TAIPEI (BLOOMBERG) – As the US Congress passed an historic $52 billion federal programme to boost domestic chipmaking capabilities, it included one significant caveat: Companies that receive the funding have to promise not to increase their production of advanced chips in China.

It is a condition that will certainly add to escalating tensions between Washington and Beijing. The curbs will hit companies like Intel and Taiwan Semiconductor Manufacturing Company (TSMC), leading chipmakers that have tried to build their businesses in China. TSMC will not be able to substantially upgrade or expand its existing facilities, effectively losing some growth opportunities in the world’s biggest semiconductor market.

Specifically, the Chips and Science Act bars companies that get federal funding from materially expanding production of chips more advanced than 28-nanometre ones in China – or a country of concern like Russia – for 10 years. While 28-nanometre chips are several generations behind the most cutting-edge semiconductors available now, they are still used in a wide range of products including cars and smartphones. The ban covers both logic and memory chips.

An exception can be made if the chipmakers concerned are adding production of 28-nanometre semiconductors or older generations to serve the China market predominately or the foreign country of concern involved. Recipients that violate the restrictions and fail to remedy the breach may need to pay back the federal subsidies in full.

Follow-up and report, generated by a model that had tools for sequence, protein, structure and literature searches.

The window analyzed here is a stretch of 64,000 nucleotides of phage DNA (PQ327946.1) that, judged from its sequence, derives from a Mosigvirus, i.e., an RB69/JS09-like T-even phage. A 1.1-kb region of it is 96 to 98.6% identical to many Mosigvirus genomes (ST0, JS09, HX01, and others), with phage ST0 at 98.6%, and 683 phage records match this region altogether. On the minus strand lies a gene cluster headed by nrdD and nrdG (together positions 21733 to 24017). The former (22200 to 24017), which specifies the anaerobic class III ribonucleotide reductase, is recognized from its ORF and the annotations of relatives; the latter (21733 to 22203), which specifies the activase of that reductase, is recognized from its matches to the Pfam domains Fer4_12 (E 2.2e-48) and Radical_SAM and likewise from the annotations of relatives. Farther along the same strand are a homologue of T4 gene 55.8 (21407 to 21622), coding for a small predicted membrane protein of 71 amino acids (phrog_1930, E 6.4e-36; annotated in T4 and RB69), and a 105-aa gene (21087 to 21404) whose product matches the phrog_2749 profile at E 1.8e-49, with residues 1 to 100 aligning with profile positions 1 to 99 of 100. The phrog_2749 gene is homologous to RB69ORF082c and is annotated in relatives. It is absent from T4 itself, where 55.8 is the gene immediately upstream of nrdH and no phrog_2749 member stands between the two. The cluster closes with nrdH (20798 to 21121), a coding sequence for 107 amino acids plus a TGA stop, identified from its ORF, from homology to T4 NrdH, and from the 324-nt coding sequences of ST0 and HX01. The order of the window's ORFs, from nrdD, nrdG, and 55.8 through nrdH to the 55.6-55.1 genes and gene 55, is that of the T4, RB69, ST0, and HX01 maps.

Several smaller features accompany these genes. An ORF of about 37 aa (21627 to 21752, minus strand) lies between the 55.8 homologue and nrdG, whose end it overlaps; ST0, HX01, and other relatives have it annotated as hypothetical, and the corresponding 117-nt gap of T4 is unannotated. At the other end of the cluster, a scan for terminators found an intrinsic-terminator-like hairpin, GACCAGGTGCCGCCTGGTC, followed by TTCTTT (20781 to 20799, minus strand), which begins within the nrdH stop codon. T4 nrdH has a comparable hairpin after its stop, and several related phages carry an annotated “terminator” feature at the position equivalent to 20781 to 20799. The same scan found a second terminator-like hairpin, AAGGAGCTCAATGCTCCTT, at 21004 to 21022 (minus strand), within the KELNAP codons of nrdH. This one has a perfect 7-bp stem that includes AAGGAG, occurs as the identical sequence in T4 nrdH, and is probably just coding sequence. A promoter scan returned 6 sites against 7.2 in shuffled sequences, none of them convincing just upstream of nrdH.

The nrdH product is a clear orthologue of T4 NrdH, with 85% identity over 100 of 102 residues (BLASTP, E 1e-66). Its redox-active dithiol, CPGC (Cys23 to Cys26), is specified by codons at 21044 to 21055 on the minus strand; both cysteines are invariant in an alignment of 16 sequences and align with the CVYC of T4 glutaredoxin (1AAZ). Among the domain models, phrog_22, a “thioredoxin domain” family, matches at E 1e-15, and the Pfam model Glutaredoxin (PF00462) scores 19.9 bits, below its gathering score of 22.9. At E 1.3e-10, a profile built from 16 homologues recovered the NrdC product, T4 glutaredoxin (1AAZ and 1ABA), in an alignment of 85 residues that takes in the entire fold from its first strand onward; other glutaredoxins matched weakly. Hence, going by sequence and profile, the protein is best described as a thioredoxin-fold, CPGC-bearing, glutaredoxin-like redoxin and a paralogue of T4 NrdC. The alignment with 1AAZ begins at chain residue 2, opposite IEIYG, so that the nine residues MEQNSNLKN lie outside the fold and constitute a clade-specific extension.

The White House, which is expected to sign the Act shortly, has voiced its support for the measure.

Intel has been lobbying hard against the move to curb US investments in China’s chip sector. In late 2021, the American chipmaker wanted to increase production in China but that plan was spurned by the White House.

Intel ended up selling its wafer plant in Dalian to South Korea’s SK Hynix as part of a broader deal for the American company’s Nand memory business. Intel still has chip packaging and testing facilities in China.

“Legislation this complex and important requires input from all stakeholders. Intel and many companies in our industry have come together with our trade association to provide input to policymakers in order to ensure that we have the best legislation possible and don’t inadvertently undermine the global competitiveness of companies that receive chips funds,” Intel representative Nancy Sanchez said.

While China’s chipmaking champion, Semiconductor Manufacturing International Corp (SMIC), can make chips that are more advanced than 28 nanometres, its technology is still at least six years behind industry leader TSMC.

SMIC has been facing virtually insurmountable challenges in catching up with TSMC after the Trump administration pressured the Dutch government to prevent ASML from selling its most cutting-edge extreme ultraviolet lithography systems to China. The Chinese chip industry encountered a further setback in recent days as Washington had quietly tightened China’s access to relatively advanced chip equipment, sending stocks tumbling.

A large chunk of the federal grant is expected to go to Intel, TSMC and South Korea’s Samsung Electronics, all of which are now building new chip fabrication facilities worth tens of billions of dollars in the United States.

Among potential recipients of the federal grant, only TSMC is making relatively advanced chips in China at the moment. Its facility in the southern Chinese city of Nanjing makes 28-nanometre and more advanced 16-nanometre chips, roughly the equivalent of the most sophisticated product that SMIC can make.

TSMC and Samsung declined to comment.